Loring's air space was unencumbered, in contrast to every other SAC base in the Northeast. CERT (Conventional Enhanced Release Training) is a bombing range located adjacent to the runway on which B-52's can drop practice ordnance. Loring AFB was one of only four (4) SAC bases that had a CERT. A major Low Level training area entry point lies just 165 miles from Loring AFB. This area contains several alternative routes and training opportunities, and provides varied training options throughout the year. The preponderance of bombing and navigation training is accomplished during Low Level flight activity.

While Loring AFB's location was ideal for wartime, it had the disadvantage of being far from the western Strategic Training Route Complex (STRC), and the Nevada and Utah bombing ranges--the only U.S. ranges where B-52's may drop live munitions. Since SAC training requirements only require crews to drop ordnance on these ranges twice a year, this is a relatively minor inconvenience. Far more frequent training is conducted in the Low Level route structure adjacent to Loring AFB and on the CERT which is located at Loring AFB. Furthermore, since all eastern based B-52's must fly several hours to reach the STRC and live bombing ranges this problem is not unique to Loring AFB.

Loring AFB was first targeted for closure in 1976. The Air Force's primary rationale at that time was the poor condition of Loring AFB's facilities. In 1976 it was estimated that Loring AFB needed up to $300 million in facilities' improvements. Between 1976 and 1979 considerable debate took place over the strategic importance of Loring AFB resulting in a reversal of the Air Force decision to close the base. When the decision to keep Loring AFB open was made in 1979, the Congress committed itself to upgrading the base facilities. Since 1981, nearly $300 million in military construction and operations and maintenance (O&M) funds have been spent to upgrade the facilities at Loring AFB.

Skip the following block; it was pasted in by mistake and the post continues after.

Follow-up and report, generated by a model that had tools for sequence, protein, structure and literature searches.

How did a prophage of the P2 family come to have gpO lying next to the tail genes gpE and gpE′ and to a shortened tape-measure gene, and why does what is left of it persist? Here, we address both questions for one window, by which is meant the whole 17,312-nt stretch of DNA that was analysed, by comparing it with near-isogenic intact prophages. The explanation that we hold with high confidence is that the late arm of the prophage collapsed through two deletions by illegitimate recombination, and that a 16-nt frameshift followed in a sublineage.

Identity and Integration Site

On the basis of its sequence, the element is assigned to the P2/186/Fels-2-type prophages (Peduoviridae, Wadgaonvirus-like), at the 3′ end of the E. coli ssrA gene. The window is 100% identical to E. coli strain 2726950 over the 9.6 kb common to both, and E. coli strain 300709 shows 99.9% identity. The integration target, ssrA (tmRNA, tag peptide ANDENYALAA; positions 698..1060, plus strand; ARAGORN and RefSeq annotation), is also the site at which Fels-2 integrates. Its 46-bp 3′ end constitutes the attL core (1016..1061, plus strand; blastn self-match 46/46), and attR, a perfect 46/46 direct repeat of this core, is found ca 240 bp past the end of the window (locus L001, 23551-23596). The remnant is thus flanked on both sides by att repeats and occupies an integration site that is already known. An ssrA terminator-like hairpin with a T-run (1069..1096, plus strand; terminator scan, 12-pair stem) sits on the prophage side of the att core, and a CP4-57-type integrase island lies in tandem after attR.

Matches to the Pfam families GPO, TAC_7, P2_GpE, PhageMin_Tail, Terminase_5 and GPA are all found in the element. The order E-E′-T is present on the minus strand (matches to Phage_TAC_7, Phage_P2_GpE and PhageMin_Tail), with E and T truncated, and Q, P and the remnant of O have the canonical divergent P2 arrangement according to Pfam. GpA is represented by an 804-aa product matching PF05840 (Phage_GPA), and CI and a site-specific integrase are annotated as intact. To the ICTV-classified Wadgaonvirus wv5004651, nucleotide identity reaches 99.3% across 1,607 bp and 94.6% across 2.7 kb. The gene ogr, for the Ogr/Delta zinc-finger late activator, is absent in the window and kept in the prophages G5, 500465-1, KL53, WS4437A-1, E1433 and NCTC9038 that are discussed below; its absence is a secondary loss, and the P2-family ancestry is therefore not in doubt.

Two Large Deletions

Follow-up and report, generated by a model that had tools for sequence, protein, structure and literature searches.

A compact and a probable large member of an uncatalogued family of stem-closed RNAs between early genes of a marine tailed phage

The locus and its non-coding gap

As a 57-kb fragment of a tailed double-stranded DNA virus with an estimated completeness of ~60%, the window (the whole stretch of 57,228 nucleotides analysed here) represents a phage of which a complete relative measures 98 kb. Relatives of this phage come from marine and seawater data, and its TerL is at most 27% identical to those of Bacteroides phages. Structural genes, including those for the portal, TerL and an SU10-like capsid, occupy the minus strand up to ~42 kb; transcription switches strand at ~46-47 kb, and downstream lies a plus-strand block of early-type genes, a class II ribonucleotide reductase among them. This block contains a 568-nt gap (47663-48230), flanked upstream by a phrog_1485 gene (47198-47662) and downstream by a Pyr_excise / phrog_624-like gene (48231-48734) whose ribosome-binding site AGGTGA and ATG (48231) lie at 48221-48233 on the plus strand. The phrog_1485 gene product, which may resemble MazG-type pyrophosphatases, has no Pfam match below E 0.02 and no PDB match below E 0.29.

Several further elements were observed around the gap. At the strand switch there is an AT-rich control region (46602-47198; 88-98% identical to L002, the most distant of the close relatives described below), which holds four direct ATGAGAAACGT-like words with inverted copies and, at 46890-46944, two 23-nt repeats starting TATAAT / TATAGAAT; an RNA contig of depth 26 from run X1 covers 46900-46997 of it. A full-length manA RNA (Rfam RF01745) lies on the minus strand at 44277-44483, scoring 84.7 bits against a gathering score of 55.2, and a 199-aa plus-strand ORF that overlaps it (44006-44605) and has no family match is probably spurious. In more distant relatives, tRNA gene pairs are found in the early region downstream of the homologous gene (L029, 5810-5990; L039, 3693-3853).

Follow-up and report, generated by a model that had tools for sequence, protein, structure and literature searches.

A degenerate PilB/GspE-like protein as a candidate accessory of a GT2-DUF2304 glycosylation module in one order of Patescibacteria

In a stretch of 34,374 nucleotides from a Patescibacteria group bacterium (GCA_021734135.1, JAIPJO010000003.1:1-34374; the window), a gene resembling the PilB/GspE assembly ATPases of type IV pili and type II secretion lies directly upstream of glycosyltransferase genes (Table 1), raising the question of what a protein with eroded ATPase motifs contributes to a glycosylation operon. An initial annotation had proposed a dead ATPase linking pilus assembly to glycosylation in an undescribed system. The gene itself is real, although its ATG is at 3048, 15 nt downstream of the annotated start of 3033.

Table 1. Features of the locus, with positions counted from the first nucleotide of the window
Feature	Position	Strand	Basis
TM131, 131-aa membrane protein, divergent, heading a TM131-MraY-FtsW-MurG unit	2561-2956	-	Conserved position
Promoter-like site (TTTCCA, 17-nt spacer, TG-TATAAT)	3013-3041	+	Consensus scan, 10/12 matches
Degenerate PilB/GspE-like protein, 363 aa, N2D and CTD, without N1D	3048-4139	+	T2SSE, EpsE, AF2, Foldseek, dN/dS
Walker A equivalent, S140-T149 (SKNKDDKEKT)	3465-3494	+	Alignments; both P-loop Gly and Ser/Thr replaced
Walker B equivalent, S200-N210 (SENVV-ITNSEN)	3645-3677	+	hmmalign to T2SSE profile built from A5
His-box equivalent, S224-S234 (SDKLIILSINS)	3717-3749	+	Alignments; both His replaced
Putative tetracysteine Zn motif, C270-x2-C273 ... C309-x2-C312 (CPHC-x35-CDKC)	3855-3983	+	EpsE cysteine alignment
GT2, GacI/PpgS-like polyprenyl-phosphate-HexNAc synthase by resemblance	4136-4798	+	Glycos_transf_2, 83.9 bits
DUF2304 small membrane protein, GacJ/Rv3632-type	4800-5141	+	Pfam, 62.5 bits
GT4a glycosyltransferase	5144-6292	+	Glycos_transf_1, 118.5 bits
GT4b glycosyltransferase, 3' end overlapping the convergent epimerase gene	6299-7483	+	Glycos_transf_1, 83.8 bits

Because of its geostrategic location, Loring AFB played a pivotal role in the conduct of Desert Shield/Desert Storm, and in the return of US forces from the Persian Gulf. During the contingency, Loring AFB bombers fought from forward bases, and some Loring AFB tankers supported the effort from forward bases. Tankers operating from Loring AFB served as force multipliers by refueling bombers, transports and fighters transiting the North Atlantic to the Persian Gulf. Loring AFB also provided a last-chance opportunity for maintenance, crew rest or ground refueling before crossing the ocean.

During the return of personnel and equipment from Desert Storm, Loring AFB's location again advantaged the effort. Tankers from the base were vital to the safe transit of the Atlantic, and permitted many aircraft to proceed non-stop to their destinations. As the nation's most northeastern military facility, Loring AFB also played a vital role for many aircraft that could not safely continue to their destinations. Numerous transport, fighter and bomber aircraft returning from the Persian Gulf landed at Loring AFB for maintenance, ground refueling, or personnel services.

Between August 2, 1990 and May 10, 1991 more than 1,700 aircraft in transit to or from Desert Shield/Desert Storm made technical or refueling stops at Loring AFB. These included C-141, C-5, C-130, C-21, A-4, A-10, Boeing 707, F-16, F/A-18, F-111, P-3, TR-1, U-2, B-52, KC-10, KC-135, E-3A, EA-6B, and E-8A aircraft.

In 1991 the Secretary of Defense, upon the recommendation of the Secretary of the Air Force, identified six Strategic Air Command (SAC) bases for closure. Loring Air Force Base, in Limestone Maine, was one of the six bases on the closure list.

The last B-52G departed the base on 16 November 1993. Likewise, the final KC-135R left on 2 March 1994. Loring closed on 30 September 1994.